Because from a sales perspective this doesn’t make any sense: instead of a cheap integration they sell an additional product (piece). So the SIEM business model is making sure that the customer boils in a pot of complexity, so that he comes comes back and buys XYZ. Which can be more “Events Per Second” or “Add On X”. If you develop your custom SDK based SIEM add on, sadly, sadly, sadly, due to warranty reasons… you know the drill. So sorry, the support case problem in the Salesforce ticketing system could be related to your own customization. Why? Why not?

You get very interesting discussions if you have pretty graphs in Q1, but in Q2 a month of data is missing. You might really need the supported add on. Trust me.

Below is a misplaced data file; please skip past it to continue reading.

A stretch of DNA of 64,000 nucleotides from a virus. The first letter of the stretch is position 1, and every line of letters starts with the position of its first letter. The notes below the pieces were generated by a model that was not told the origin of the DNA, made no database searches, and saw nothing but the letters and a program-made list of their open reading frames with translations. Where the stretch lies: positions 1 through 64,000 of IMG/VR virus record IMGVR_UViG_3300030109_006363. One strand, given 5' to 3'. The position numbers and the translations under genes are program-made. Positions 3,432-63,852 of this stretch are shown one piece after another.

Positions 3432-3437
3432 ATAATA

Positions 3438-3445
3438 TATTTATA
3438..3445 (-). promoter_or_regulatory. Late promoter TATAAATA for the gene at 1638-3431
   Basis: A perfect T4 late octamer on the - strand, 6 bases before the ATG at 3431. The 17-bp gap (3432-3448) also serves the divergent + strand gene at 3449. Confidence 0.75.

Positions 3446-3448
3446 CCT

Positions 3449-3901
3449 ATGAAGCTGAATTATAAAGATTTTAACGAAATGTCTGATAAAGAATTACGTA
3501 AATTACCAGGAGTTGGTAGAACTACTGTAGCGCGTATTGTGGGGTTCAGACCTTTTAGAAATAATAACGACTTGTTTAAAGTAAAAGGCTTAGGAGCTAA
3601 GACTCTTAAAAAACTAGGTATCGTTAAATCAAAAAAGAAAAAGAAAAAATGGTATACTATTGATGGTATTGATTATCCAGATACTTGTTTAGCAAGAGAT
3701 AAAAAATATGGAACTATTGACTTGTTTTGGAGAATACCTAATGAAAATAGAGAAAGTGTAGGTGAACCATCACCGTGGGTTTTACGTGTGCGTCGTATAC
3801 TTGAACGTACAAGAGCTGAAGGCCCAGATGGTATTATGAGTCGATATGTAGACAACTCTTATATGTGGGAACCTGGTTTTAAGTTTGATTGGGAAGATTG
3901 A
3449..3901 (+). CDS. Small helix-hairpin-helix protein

A conflict arises: for AD DC logging the infrastructure team want tool A, but the security team has tool B. Let’s solve this:
Battle of the nerds? - No.
Poker? No.
Chess. Kidding!? Who knows the rules?

Okay, I have the solution.

My admins cannot handle the SIEM search

Too bad for the admins. Seriously.

Years ago I did an SAP training and I needed caffeine pills to stay awake because I didn’t like the coffee there. Coffee is an art, not a drink!
So it’s a bag of cheap pills (or bad coffee) and a training for the admins. That is the reason why there are health checks in the first place as part of the on-boarding procedure for new employees. You didn’t know?

In the real world it simply happens that you log twice. Because logs are too important to lose them. Are they?

Let’s say you have a 12 month retention policy and you get to 12 TB of data in your big-data style SIEM. The inputs are NIDS, Network devices, Endpoint Security, AD, DHCP, DNS, Netflow / IPFIX, custom stuff and Boom DLP. Now Boom DLP explodes in your face after a signature update and somehow 2 million alerts flood the SIEM. 500 GB: Every now and then Boom has an issue like that, because… DLP is fun.